Since starting at Steve Spangler Science in 2009, there’s one question that gets asked of our team more than any other: how do you create a memorable science demonstration? And the truth is, from our customer service team to our production team to Steve Spangler himself, we’ll all give you a different answer. So which answer is right? All of them!
No matter who is supplying the formula for a memorable science demonstration, they’re correct. Every demonstrator uses the same 4 elements to create the perfect demo for their group, family, kids, or audience, though their methods may be different. They happen to correspond very well with the 4 classic elements. Most people start with…
Earth – Research
Earth is the most familiar of the elements. We spend every day traversing its dusty, dry surface, but we have no clue what’s actually going on inside of it. For all we know, the core of the earth is a big, bubbling vat of baking soda and vinegar waiting to erupt with dyed carbon dioxide bubbles.
Science fair basics aside, it’s good to reacquaint yourself with the science behind the demonstration you’re going to perform. Even if you’re confident in your answer as to why you can create a teeter-totter by with two candles, it will be beneficial to get a refresher. Who knows, science could have uncovered a different answer!
Researching your demonstration is also a great opportunity to discover ways of taking your experiment further. Find ways to spin off of your initial demonstration. This is your chance to really find ways of driving your lesson home.
Water – Practice
More often than not, mysterious happenings come from the water. Flesh eating river fish, mythical monsters, and giant snakes make sure that no human (scientist or otherwise) ever gets too comfortable within a triple-jump of water’s edge.
You shouldn’t be too comfortable in the performance of your demonstration, either. No one (read: actually, literally no one) likes having their demonstration, presentation, slide show, or what-have-you fail to perform. Geysers that don’t explode, launchers that don’t launch, and paper airplanes that don’t do the “plane”-part are all sure-fire ways of winding up red-faced in front of your audience.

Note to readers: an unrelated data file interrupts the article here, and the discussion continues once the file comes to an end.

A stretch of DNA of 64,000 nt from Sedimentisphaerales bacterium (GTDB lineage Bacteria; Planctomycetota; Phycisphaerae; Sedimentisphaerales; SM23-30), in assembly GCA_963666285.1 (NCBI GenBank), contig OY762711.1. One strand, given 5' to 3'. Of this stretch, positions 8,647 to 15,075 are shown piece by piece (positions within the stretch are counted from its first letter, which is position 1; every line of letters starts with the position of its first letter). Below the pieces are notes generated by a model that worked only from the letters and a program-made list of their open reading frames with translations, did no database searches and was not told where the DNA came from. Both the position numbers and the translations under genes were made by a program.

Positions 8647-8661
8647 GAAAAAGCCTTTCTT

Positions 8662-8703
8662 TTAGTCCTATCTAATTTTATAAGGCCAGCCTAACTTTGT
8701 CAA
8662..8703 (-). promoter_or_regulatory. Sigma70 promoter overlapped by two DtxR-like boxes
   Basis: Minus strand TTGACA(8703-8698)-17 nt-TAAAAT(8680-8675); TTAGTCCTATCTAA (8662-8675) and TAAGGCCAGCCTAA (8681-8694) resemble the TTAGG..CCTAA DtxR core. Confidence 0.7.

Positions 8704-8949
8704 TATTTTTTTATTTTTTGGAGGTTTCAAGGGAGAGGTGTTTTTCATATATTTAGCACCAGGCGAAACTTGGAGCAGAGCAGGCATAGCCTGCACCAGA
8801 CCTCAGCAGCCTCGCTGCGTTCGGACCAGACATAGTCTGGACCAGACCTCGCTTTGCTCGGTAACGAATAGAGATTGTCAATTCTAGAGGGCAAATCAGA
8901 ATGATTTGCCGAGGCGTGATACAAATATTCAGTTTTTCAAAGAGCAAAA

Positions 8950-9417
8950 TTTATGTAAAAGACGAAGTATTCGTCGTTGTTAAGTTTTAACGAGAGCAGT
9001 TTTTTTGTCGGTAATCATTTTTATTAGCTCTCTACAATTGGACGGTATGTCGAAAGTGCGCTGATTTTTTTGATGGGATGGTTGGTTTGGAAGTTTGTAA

Now, this is science, so there’s always a chance that things just won’t go your way. THAT is what makes practicing your demo so valuable. Practice gives you the chance at troubleshooting possible issues with your demo. From setup to procedure to clean up, practicing makes sure you’re ready for anything that science throws your way.
Air – Application
Without air, we’re dead. That’s just a fact of life, and YES I intended that horrible pun.
We all require air to run our body. While you never forget how to breathe, we don’t think about it very often, unless we’re really USING our breath. Runner, yoga instructors, midwifes… these people know what it means to really use our breath, because they learned to apply it.
The same goes for so many science demonstrations and lessons. When our minds learn new information, like that hot air has low pressure and rises, we are much more likely to remember it with a direct application. Talk to them about how the downstairs of their house probably feels cooler than the 2nd story or talk to them about weather, wind, and pressure.
When demos don’t match up with a solid application, you create the dreaded, “When am I ever going to use this?” You need earth and water to be ready for that one!
Fire – Passion
Earth is solid, water is liquid, and air is gaseous. Fire is plasma? Fire is flame? Fire is part of a grouping of things called “intangibles” by sports coaches everywhere; just like passion.
Passion may not be absolutely required to pull off a memorable science demonstration, but it definitely aids in the effort. People of all ages can tell when someone is passionate about what they’re doing. The more genuinely excited you are about the demonstration you’re doing, the more excited your audience is going to be. Your energy is contagious.
Now just go and do it!
Fresh Prince of the Science Fair.
Writer for Steve Spangler Science.
Dad of 2. Expecting 1 more.
Husband. Amateur adventurer.